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I believe I may have discovered the world’s earliest poorbox—a tangible expression of Israel’s ancient concern for the needy among its people. On one of my frequent visits to Jerusalem’s Rockefeller Museum, I noticed an object that I had seen...
Biblical Archaeology Review, November/December 1992
The Tomb of Pharaoh’s Daughter is one of Jerusalem’s most neglected sites, despite being one of the most complete, distinctive and magnificent First Temple period tombs in the city. Every year, hundreds of thousands of tourists visit the City...
Biblical Archaeology Review, January/February 2013
Jerusalem tomb yields Biblical text four centuries older than Dead Sea Scrolls
I’ve lived in Jerusalem for more than 59 years. I sometimes feel I can put myself in the shoes (or minds) of ancient Jerusalemites. I think I can tell better than most where these ancient Jerusalemites would have located different facilities...
Biblical Archaeology Review, July/August September/October 2009
The Tantalizing Possibilities of Ramat Raḥel
The first Judahite royal palace ever exposed in an archaeological excavation is bei ng rediscovered. And with this renewed interest come echoes of what is probably one of the bitterest rivalries in the history of Israeli ar chaeology—between...
Biblical Archaeology Review, September/October 2006
Where the Kings of Judah Were Lamented
At the beginning of the 20th century, when Jerusalem, still centered around its ancient core, was surrounded by agricultural land and orchards, 20 mysterious earth-and-stone mounds rose above the city’s western horizon, clearly visible from...
Biblical Archaeology Review, May/June 2003
A few hundred yards from Damascus Gate and over the wall from the Garden Tomb, magnificent burial cave lies beneath a Dominican monastery.
Damascus Gate, the most important entrance to Jerusalem’s Old City, fairly bustles with activity inside and out. Arab men in their robes and keffiyehs; Arab women in long embroidered...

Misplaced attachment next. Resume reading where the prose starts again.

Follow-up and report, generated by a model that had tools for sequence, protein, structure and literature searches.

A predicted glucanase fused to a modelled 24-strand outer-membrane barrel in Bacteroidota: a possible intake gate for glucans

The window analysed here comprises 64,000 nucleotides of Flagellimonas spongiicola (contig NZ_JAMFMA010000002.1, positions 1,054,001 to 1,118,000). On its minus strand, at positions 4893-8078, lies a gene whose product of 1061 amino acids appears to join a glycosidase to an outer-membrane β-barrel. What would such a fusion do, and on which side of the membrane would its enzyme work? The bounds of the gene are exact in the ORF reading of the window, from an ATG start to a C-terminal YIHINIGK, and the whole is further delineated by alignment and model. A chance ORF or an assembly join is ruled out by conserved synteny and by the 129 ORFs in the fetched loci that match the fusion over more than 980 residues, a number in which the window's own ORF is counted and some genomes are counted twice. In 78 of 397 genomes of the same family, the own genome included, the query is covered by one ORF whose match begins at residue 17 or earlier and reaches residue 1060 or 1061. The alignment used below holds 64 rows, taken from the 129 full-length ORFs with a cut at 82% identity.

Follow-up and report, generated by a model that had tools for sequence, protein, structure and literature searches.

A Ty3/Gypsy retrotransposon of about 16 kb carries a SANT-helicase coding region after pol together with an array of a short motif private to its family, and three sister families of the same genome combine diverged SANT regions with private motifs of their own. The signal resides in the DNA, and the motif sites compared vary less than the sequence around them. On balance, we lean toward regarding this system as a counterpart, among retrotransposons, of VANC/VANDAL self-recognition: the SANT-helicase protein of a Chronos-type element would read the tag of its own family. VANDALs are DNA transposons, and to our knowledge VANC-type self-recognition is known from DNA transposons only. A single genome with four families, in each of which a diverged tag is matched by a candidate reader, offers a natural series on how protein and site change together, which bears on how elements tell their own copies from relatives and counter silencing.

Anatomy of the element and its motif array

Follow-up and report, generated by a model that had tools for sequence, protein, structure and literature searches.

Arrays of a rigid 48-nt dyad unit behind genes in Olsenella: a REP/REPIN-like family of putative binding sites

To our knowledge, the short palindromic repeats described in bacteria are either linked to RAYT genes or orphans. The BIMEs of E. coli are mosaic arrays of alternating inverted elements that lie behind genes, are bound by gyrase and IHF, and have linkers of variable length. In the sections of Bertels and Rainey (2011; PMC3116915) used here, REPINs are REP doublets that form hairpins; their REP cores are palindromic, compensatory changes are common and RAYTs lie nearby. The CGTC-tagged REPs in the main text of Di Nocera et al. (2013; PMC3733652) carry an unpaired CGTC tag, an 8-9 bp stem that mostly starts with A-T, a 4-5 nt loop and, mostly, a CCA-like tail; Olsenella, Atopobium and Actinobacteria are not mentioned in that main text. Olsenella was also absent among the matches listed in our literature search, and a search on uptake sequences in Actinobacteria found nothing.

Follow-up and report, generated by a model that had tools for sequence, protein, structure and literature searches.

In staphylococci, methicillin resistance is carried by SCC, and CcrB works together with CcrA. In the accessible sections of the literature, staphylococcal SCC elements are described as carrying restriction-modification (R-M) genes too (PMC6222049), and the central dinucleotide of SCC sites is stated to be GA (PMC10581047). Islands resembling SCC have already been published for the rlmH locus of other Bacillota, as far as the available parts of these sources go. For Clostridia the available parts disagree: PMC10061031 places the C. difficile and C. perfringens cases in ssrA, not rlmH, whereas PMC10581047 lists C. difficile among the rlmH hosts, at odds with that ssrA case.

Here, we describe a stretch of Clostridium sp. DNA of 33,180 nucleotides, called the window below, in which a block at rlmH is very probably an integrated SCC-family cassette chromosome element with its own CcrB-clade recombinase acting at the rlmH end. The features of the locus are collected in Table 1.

Biblical Archaeology Review, March/April 1986
Says he didn’t father Gottwald’s Marxist theory
Israel emerged as a people just before the period of the Judges, at the end of what archaeologists call the Late Bronze Age (1550–1200 B.C.) and the beginning of Iron Age I (1200–1000 B.C.)—the time when the Israelite tribes settled in the...
Bible Review, Summer 1986
In “The Peculiar Headrests for the Dead in First Temple Times,” BAR 13:04, Professor Othmar Keel takes issue with an earlier BAR article in which Amos Kloner and I discussed these stone headrests carved on top of burial benches (“Jerusalem...
Biblical Archaeology Review, March/April 1988
Some think that congregations should be more critical in selecting scripture readings. They insist upon creating a canon within the canon. But this bases the authority of the Bible not on the Bible itself, but on the Bible as read by a particular communit
Bible Review, February 1997
The Old Testament/Hebrew Bible has an independence that should not be compromised by either Christianizing or Judaizing it. Together, we need to discuss what it says about God and God’s relationship to human beings and the world.
Bible Review, February 1994
The Greek word synkatabasis refers to God’s “stooping” to meet human beings at their own level, just as a parent gets down on the floor and “lisps” to a child.
Bible Review, June 1997
Approaching the Bible as an ancient book may explain aspects of the story that trouble us today, but this method fails to deal with the Bible as the bearer of God’s revelation.
Bible Review, October 1996
The terms “Christ” and “Messiah” do not refer to a divine being but to the function an agent of God plays in bringing the kingdom that is to come on earth as in heaven.
Bible Review, October 1995
Is Heterosexuality—the biological norm for reproduction—also the ethical norm for human sexual relations? My proposal does not provide answers, but gives a basis for discussion in terms of biblical theology.
Bible Review, June 1993